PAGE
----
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What are the main similarities between democracy and monarchy?

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Phillip Holland eNotes educator | Certified Educator

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There are more differences than similarities. A monarchy relies on the rule of one person, while a democracy rules through a consensus of the people. Even with this difference, there are some commonalities. Many monarchies have claimed to have ruled in the name of God, while many democracies have claimed to rule in the name of the governed. In other words, the leaders of both forms of government seek some sort of legitimacy outside of themselves.

Most monarchies are hereditary. While democracies allow people from all walks of life to be leaders, there are tendencies to favor leaders with strong family ties to governing. Both democracy and monarchy were praised and demonized in Plato's Republic. According to Plato, a monarchy could be good if it had a good monarch, but bad if it had a tyrant. A democracy could be good if it responded to the will of the people, but it could turn into anarchy if everyone acted selfishly.

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Maureen Green eNotes educator | Certified Educator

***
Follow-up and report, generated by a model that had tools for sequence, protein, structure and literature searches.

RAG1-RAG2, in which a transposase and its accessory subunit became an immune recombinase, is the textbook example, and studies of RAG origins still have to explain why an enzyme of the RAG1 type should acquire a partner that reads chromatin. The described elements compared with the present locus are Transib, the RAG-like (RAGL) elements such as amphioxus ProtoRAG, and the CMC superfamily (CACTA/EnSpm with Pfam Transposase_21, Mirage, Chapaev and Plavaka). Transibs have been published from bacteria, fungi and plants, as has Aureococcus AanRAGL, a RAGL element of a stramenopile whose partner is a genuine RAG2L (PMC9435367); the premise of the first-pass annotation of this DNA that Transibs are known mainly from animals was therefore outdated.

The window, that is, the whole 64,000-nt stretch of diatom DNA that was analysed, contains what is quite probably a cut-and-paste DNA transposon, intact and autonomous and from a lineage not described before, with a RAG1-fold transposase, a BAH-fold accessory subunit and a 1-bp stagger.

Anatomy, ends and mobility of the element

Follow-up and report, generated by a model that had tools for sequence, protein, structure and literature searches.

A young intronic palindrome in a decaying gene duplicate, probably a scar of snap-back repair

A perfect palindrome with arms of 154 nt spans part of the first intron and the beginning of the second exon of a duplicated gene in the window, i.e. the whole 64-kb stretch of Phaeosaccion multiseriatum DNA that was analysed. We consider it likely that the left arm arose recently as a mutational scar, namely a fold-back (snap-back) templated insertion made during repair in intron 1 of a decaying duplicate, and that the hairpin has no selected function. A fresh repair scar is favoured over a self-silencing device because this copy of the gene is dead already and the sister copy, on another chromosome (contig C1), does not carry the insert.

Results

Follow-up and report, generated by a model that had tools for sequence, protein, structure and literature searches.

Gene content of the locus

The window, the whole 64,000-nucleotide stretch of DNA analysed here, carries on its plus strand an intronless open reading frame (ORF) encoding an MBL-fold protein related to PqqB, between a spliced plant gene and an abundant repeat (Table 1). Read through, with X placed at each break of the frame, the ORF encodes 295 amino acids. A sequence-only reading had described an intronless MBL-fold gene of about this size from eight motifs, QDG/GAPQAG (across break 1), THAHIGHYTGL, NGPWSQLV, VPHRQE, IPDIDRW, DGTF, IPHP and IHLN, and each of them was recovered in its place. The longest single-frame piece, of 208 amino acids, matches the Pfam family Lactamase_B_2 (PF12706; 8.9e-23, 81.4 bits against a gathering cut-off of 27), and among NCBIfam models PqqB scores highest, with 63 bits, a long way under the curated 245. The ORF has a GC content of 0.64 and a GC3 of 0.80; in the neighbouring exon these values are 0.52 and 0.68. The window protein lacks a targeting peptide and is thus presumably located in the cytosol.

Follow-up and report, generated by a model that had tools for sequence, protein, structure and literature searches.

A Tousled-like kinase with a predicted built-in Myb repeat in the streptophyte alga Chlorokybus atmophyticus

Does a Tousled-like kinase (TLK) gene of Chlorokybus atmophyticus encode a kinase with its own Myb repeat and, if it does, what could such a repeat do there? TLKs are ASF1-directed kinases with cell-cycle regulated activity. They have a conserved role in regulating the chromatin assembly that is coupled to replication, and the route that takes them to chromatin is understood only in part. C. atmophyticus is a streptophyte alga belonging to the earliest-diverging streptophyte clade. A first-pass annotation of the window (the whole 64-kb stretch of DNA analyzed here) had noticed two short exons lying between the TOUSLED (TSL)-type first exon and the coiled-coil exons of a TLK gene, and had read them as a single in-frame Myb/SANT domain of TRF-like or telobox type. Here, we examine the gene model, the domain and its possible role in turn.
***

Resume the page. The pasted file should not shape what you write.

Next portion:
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Though democracy and monarchy have more differences than similarities, there are some ways in which they overlap. Both democracies and monarchies govern through a consolidation of power. In a democracy, this power base is democratically elected by the masses; in a monarchy, the power base may be appointed through any number of means, but typically through primogeniture. In a democracy, the majority rules, while in a monarchy, only one person rules. However, even absolute monarchies throughout history often consulted a trusted group of advisors in order to gauge the popularity of proposed or enacted policies, help him or her understand the political ramifications of their actions, and let them speak for the common people. It's important to remember that, while monarchs can be tyrants, monarchies and dictatorships are not the same thing. The majority of present-day monarchs either have no state powers, or share power with democratically elected governments. Fewer than a dozen monarchies remain in the world; most are in the Middle East. Vatican City is also considered an absolute monarchy, with the Pope as the head.

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